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Am Fam Physician. 2021;104(4):351-352

Author disclosure: No relevant financial affiliations.

In 2016, for the first time, less than one-half of practicing physicians had an ownership stake in their own practices.1 The most recent American Medical Association Physician Practice Benchmark Survey reveals that this trend continues.2 More physicians are identifying as employees instead of owners, with family physicians being the second most likely specialty to be employed. This trend has significant implications for reimbursement and practice patterns, and potential impacts on physician burnout if scope is limited by employers.2,3

The Robert Graham Center, in conjunction with researchers at the American Board of Family Medicine and IBM Watson Health, examined employment trends in the report “Primary Care in the United States, A Chartbook of Facts and Statistics.” 4 Employment status of primary care physicians was analyzed using 2016 National Ambulatory Medical Care Survey data (Figure 1). Slightly less than one-half (49%) of primary care physicians owned their own practices. Most working physicians were employees of a non–physician-owned practice.

The increasing percentage of employed physicians may be due to a variety of factors, including greater financial stability.5 Younger physicians are also reported to be less attracted to the entrepreneurial aspect of private practice ownership.6 Although these trends may reflect financial and lifestyle decisions, the implications of a largely employed primary care workforce are not necessarily positive. For example, employers in multispecialty practices could be defining or limiting the scope of practice of their physicians, which has implications for training, physician satisfaction, and health care costs.3,7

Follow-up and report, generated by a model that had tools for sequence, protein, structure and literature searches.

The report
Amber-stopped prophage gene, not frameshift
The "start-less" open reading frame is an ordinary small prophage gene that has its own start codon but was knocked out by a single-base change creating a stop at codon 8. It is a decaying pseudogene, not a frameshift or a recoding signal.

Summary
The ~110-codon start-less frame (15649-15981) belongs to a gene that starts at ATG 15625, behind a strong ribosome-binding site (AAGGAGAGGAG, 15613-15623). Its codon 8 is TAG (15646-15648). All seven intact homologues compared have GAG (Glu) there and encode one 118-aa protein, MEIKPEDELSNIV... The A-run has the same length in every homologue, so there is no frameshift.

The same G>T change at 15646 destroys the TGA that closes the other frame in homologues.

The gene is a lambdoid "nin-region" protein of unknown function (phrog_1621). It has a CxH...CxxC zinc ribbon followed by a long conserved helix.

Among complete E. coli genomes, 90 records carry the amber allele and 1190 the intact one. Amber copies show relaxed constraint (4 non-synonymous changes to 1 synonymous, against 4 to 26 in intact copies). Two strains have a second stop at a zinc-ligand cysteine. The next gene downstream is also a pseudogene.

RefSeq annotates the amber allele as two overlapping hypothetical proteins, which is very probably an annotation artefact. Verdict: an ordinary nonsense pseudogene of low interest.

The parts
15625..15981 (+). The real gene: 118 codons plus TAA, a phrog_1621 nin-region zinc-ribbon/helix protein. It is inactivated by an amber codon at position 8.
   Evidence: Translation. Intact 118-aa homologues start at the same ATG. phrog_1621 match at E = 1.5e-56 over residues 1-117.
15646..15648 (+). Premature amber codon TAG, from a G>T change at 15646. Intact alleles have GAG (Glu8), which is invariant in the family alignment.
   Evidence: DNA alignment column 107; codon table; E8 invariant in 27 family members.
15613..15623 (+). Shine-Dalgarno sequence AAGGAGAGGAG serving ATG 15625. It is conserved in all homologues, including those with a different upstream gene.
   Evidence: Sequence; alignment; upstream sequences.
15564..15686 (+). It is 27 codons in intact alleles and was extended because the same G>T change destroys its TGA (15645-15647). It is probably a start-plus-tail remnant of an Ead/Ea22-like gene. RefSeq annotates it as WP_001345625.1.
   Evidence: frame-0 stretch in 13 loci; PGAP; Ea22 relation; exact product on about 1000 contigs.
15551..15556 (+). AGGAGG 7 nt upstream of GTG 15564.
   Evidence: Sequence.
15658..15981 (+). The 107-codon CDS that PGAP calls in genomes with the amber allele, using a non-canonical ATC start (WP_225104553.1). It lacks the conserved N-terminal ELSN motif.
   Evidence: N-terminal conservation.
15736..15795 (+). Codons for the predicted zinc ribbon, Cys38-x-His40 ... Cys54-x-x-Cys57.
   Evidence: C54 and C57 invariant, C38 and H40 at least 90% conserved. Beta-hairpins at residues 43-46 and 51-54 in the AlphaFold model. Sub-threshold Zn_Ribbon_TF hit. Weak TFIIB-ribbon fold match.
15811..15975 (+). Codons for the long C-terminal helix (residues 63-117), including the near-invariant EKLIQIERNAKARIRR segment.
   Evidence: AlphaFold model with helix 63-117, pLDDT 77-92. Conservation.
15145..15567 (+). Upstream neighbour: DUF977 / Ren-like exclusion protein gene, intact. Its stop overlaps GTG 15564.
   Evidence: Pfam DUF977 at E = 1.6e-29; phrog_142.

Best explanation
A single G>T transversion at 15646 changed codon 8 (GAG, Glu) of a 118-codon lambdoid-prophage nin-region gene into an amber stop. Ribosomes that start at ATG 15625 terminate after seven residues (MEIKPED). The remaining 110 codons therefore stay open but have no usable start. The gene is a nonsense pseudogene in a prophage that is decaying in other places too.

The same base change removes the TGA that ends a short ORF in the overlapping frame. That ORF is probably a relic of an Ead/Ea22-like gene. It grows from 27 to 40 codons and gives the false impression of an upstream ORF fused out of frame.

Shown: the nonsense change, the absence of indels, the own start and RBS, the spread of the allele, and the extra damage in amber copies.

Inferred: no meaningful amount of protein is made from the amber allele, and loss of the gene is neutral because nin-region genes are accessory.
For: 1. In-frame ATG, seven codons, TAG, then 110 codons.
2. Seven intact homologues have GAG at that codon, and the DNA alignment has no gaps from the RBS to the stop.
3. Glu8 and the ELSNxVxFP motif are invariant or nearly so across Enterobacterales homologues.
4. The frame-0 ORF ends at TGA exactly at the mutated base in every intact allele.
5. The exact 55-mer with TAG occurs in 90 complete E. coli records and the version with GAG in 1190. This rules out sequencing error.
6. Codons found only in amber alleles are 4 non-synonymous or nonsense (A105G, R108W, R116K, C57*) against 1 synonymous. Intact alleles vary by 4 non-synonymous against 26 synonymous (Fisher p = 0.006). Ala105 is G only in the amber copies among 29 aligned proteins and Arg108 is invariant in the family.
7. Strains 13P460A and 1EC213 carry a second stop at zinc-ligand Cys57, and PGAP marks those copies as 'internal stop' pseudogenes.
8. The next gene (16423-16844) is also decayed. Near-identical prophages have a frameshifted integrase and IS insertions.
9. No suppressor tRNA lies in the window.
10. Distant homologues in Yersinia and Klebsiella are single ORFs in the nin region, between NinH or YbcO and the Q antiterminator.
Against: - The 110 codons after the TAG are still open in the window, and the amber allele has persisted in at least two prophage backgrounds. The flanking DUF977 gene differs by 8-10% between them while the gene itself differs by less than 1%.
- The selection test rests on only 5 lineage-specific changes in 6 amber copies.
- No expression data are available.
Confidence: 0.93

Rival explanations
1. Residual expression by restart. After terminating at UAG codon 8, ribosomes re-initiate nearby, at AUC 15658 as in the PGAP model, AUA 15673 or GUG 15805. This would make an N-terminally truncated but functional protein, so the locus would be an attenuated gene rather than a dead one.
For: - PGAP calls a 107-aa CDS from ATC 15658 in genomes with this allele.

The impact of employment status on health care quality is still unclear. Some studies suggest that it has no relationship to health care quality.2 Other studies show that primary care ownership is associated with less use of quality improvement process measures in comparison with federally qualified health centers and hospital-owned practices.8,9 In addition, hospital-owned practices demonstrated greater use of evidence-based chronic care management processes, which may improve care coordination.9

Although there are benefits to choosing employment instead of ownership, the disadvantages for primary care physicians and their patients may be significant and are worth further exploration.

The information and opinions contained in research from the Graham Center do not necessarily reflect the views or the policy of the AAFP.

This series is coordinated by Kenny Lin, MD, MPH, deputy editor.

A collection of Graham Center Policy One-Pagers published in AFP is available at One-Pagers are also available at

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